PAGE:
Denmark

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In October 2011the Danish government took the bold step of introducing a tax on saturated fat in its efforts to improve the nation’s health. However, having been criticized for increasing prices for consumers and companies, and for putting Danish jobs at risk, the tax was scrapped in 2012. Plans to introduce a tax on sugar have also been abandoned

It was reported that some Danes had begun crossing the border into Germany and Sweden to stock up on cheaper meat and processed foods.

The tax was introduced in October 2011, in an attempt to limit the population’s intake of fatty foods, and reduce obesity rates. According to the Danish National Health and Medicines Authority, 47% of Danes are overweight and 13% are obese.

Despite the reasons given for scrapping the tax, it appears that no formal evaluation of the impact of the tax has been conducted. Accordingly, it is not possible to comment on what impact the tax actually had on consumer behaviour and costs to businesses and the economy. The decision came as a disappointment to public health advocates who have recommended taxes on unhealthy foods as a way of addressing the obesity-driven disease burden.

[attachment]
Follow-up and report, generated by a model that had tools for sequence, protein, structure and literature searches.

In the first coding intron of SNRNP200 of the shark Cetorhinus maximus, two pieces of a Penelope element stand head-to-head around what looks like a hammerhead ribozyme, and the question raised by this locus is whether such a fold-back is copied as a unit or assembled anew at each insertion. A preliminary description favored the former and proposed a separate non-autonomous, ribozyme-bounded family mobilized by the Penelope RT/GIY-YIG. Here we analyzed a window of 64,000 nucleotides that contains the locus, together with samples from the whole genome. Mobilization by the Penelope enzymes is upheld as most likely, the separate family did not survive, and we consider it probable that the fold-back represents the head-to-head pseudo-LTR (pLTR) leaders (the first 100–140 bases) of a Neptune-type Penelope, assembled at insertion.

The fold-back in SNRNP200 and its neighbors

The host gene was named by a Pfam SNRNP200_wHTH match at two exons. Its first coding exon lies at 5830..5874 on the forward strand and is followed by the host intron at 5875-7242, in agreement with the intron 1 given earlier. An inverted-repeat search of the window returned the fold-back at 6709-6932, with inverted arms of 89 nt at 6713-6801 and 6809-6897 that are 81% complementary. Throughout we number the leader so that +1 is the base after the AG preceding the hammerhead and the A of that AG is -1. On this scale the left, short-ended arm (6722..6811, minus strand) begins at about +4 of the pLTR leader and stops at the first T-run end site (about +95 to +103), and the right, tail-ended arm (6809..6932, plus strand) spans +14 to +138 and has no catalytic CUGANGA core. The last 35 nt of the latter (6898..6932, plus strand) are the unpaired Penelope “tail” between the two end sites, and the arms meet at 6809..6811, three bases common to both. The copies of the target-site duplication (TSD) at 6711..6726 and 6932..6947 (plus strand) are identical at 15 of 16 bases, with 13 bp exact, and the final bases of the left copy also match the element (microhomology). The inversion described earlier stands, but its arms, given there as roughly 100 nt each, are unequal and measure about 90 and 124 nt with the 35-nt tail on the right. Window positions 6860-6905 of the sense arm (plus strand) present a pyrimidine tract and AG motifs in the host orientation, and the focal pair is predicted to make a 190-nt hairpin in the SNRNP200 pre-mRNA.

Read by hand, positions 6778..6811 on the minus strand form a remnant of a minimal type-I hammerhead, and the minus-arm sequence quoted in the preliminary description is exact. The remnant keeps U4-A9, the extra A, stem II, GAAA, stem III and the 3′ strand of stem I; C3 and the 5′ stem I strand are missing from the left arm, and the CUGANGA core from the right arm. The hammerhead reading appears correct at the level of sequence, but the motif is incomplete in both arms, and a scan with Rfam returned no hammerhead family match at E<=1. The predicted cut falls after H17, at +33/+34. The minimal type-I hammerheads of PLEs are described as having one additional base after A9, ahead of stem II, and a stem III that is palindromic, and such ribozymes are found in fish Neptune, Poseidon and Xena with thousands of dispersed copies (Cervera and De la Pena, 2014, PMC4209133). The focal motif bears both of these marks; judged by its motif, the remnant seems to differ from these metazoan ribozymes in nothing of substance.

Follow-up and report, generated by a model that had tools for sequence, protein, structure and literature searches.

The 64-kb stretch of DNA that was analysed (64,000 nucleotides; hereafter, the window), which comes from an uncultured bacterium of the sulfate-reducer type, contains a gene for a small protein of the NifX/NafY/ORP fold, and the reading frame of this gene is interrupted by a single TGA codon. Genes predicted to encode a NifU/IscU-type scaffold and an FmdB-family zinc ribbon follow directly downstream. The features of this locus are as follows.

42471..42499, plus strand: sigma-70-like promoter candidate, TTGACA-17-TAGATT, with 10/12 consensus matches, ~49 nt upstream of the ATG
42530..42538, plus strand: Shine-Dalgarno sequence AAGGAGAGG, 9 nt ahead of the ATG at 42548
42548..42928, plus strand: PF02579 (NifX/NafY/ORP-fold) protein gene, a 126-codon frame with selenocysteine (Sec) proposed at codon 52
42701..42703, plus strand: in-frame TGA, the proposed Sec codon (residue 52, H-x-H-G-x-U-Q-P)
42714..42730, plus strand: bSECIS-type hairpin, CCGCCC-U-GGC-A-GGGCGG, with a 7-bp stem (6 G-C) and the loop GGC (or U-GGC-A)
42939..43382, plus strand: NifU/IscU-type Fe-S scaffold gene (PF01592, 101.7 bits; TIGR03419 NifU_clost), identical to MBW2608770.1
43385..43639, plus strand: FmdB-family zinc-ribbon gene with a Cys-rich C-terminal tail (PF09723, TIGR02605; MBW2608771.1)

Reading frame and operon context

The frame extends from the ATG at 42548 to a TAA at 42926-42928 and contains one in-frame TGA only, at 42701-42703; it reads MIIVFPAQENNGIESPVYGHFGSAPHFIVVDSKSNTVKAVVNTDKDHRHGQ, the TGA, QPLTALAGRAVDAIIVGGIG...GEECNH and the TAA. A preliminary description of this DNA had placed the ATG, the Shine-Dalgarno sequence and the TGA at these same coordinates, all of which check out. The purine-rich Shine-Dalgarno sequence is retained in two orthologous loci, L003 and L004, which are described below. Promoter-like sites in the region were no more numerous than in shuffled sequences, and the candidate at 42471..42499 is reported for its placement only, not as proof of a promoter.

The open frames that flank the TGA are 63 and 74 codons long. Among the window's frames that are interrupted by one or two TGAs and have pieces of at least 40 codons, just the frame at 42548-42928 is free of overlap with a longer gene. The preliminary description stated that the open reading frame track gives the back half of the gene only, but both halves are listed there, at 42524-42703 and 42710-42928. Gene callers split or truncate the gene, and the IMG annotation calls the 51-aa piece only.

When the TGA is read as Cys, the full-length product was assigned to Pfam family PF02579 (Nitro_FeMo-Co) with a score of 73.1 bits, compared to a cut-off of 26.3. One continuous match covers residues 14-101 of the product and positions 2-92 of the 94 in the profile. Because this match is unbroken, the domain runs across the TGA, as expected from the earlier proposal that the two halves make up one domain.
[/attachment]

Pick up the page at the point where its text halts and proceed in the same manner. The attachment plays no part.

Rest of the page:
Capital city (1): 
Copenhagen
Population in 1.000.000 (1): 
5,50
Urban population (1): 
87,00%
Rate of urbanization per year (1): 
0,40%
Life expectancy in years (1): 
78,00
GDP per capita (1): 
38.300
GDP real growth rate (2012): 
-0,60%
Men aged ≥20 years who are obese (2008) (2): 
17,10%
Women aged ≥20 years who are obese (2008) (2): 
15,40%
Diabetes comparative prevalence WHO standard (2011) (3): 
5,60%
Incidence type 1 diabetes (0-14) per 100.000 (3): 
22,20
IGT comparative prevalence WHO standard (2011) (3): 
9,90%
Health expenditure (1): 
11,40%
Mean diabetes-related expenditure per person with diabetes (3): 
6.964,00 USD

(1): CIA factbook
(2): WHO 2008
(3): IDF Diabetes Atlas, 5th edition annual update, 2012

Bridges is an International Diabetes Programme supported by an educational grant from Lilly Diabetes